Ever wanted to swim with the dolphins? Chances are these days you will more likely be swimming with discarded plastic water bottles, the ones that are manufactured with unsafe plastic that pollutes our earth, oceans and environment in general.
There is a great deal of waste that ends up in landfill sites, but unfortunately, it only represents about 20% of the UK’s recycling efforts, comparatively low to that of our European counterparts. Sadly, much of the plastic bottle brigade ends up in our seas and oceans, causing harm to the fish and shellfish stock, and of course polluting our coastlines. The biggest landfill site in the UK is believed to be approximately the size of the whole of Manchester with other smaller sites dotted around the country, so the remaining waste must be going somewhere – you got it – rivers, seas and other waterways. The only dolphins you are likely to play with are toys in the bath tub!
Around 20 million plastic bottles are used per day in the UK, with the majority of families throwing away around 60kg per year which should have been recycled. You don’t need to be a mathematician to work that out. With the type of plastic used in water, squash or fizzy drink bottles, it can take up to 500 years to decompose.
In a 2014 survey, it was staggering to discover the indifference about recycling from sectors of the British public. One in five people admitted that they don’t recycle plastic drink bottles, and if they do throw them away, they don’t worry about using the correct bin!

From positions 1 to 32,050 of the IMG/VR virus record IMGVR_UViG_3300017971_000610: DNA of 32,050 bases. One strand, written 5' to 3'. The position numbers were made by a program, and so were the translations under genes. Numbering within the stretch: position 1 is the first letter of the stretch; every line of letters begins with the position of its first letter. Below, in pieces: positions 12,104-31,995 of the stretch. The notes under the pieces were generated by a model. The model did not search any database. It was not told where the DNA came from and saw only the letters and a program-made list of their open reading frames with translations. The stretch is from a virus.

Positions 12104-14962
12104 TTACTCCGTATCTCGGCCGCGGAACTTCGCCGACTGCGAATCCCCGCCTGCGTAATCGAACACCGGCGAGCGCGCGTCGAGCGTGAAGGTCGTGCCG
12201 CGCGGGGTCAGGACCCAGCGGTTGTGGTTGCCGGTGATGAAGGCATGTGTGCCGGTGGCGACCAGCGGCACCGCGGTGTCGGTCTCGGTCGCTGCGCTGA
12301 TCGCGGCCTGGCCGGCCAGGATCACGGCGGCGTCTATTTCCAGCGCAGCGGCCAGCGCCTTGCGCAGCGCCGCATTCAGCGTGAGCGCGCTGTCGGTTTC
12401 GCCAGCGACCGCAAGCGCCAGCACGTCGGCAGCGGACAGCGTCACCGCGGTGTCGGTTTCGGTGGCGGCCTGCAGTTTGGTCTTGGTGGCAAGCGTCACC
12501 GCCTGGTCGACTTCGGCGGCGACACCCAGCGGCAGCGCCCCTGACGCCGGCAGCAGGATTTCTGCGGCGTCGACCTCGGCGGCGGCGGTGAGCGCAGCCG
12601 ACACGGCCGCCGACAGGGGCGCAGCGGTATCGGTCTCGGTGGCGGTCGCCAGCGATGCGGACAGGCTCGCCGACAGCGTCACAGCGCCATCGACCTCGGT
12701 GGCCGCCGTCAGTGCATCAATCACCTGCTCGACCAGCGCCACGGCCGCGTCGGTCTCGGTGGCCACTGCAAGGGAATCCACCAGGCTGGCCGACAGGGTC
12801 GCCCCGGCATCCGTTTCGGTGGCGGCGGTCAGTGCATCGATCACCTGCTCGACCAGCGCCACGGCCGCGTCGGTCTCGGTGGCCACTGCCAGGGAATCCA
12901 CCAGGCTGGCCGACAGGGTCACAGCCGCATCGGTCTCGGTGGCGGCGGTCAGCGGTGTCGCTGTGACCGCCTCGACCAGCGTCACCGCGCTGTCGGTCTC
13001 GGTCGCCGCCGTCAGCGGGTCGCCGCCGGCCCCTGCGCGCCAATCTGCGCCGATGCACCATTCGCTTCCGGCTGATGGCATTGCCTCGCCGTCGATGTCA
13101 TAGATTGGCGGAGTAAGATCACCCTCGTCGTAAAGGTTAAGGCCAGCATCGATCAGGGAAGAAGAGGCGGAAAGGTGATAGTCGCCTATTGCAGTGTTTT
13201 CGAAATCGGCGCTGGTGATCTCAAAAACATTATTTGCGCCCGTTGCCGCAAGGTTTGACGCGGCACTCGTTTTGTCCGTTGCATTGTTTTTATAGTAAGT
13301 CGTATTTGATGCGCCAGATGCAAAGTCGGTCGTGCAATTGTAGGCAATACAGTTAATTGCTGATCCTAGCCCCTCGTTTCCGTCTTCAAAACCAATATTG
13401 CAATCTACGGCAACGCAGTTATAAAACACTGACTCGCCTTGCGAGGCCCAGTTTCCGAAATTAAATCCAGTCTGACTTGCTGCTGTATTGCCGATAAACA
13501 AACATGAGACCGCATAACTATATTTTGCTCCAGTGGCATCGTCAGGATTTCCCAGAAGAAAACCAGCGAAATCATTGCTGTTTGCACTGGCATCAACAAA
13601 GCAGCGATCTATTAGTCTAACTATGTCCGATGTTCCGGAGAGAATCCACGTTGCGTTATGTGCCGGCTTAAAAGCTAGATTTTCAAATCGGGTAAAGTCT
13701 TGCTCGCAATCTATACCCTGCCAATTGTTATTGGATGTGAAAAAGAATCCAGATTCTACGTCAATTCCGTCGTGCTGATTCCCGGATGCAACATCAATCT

Currently, the main focus of the problem appears to be to wildlife (mammals), fish and seabirds, who mistake plastic items for food and consequently ingest them. The North Sea is particularly troublesome for animal life with up to 95% of dead marine life having plastic contained in their gut or stomachs. These are fairly scary statistics. But even domestic animals such as dogs and cats are not free from the same scenario. Plastic lodged in their digestive system can frequently cause fatalities.
Next time you are out walking with your dog or going for a run, take a look around you and see how many plastic bottles have simply been ‘ditched’ in beautiful parkland or local woods. It may not be the most interesting pastime, but it gives an insight into a reasonably critical situation here in the UK.
In 2014, the government launched their campaign ‘Pledge for Plastics’, supported by cross-industry partnerships. The pledge was for households to recycle at least one extra plastic bottle per day. The latest initiative by the British government is the ‘Latte Levy’ which you can read more about here.
As a water bottle company ourselves, we have taken the pledge a step further by producing our HydrateM8 re-usable water bottles, constructed from Tritan plastic and BPA free, causing no damage to your health or the environment, and keeping you hydrated at all times without worrying about ‘ditching the bottle’. So take the government and our pledge together – it will make for a much safer world to live in.